Archive for Pop culture

Posted in Uncategorized with tags on February 2, 2010 by thebibliophile

Michel Martin interviews singer Maxwell 

Michel Martin did a great interview with singer Maxwell – I really like how humble he is and the opportunity to really hear from his perspective, how he feels his music has evolved over the years. I particularly like that he talks about imagination and the listener being able to connect with a song, without the mediator of his narration about what a song means to him. He briefly discusses the narcissism of assuming that he as the musician has ownership of all meanings of a song – and that part of what’s boring about music these days, is that listeners don’t get to have a song exist outside of the narrative of what it means to the artist. That’s an interesting and different perspective.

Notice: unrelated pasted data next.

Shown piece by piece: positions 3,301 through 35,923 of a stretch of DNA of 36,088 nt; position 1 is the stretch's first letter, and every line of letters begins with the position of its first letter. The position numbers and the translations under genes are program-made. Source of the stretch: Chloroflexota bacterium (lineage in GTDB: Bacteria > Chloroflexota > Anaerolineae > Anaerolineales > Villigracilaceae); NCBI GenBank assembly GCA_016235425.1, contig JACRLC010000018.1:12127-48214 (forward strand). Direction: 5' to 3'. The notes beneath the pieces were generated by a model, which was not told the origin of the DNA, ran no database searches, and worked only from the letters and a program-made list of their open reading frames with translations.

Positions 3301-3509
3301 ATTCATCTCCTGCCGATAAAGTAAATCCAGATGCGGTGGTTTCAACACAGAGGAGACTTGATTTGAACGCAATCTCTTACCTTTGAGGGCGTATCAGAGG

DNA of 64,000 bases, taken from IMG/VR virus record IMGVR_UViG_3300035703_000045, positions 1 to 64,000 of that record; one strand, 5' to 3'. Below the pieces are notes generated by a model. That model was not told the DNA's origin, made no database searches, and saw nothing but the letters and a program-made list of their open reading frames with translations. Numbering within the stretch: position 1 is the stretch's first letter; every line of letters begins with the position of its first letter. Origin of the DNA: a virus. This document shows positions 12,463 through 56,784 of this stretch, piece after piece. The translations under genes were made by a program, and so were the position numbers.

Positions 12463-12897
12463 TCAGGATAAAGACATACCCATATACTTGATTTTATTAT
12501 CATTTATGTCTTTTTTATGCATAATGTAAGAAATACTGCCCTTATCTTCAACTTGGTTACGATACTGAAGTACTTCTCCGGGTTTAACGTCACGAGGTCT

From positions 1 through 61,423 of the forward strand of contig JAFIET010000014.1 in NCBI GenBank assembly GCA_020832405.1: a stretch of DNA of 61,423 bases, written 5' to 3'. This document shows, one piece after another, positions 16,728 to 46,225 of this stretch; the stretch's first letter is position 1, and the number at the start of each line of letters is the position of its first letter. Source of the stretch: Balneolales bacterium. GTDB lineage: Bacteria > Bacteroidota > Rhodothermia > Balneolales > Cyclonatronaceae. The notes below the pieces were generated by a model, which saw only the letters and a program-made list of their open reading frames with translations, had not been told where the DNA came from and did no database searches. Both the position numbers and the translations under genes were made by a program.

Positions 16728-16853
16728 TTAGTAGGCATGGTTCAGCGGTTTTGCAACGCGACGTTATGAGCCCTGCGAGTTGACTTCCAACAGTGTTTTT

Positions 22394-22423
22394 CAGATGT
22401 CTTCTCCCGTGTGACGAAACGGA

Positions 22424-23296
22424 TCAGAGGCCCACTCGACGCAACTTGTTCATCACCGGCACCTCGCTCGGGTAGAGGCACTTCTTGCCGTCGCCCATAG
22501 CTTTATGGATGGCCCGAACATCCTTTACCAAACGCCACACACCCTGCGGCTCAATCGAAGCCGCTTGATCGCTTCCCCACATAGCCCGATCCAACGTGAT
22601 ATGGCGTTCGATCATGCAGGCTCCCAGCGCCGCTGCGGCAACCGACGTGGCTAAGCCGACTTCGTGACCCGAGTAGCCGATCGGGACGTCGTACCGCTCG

Which brings me to one of the reasons that I adore Maxwell (outside of the hair, swagger, and powerful sexiness), there is a humility – and it doesn’t feel put on to me. There is a manliness that doesn’t feel like performance to me – and that also does not feel to be a stereotype of gender normativity (see Justin Timberlake, Usher, Trey Songz). I find that so incredibly endearing that as a fan, I’m not mad (at least not anymore) that Maxwell took time to be a person, to evolve and develop as a man, and then to continue with his art and work.

I love watching the reverence with which he treats Roberta Flack as they sing their duet.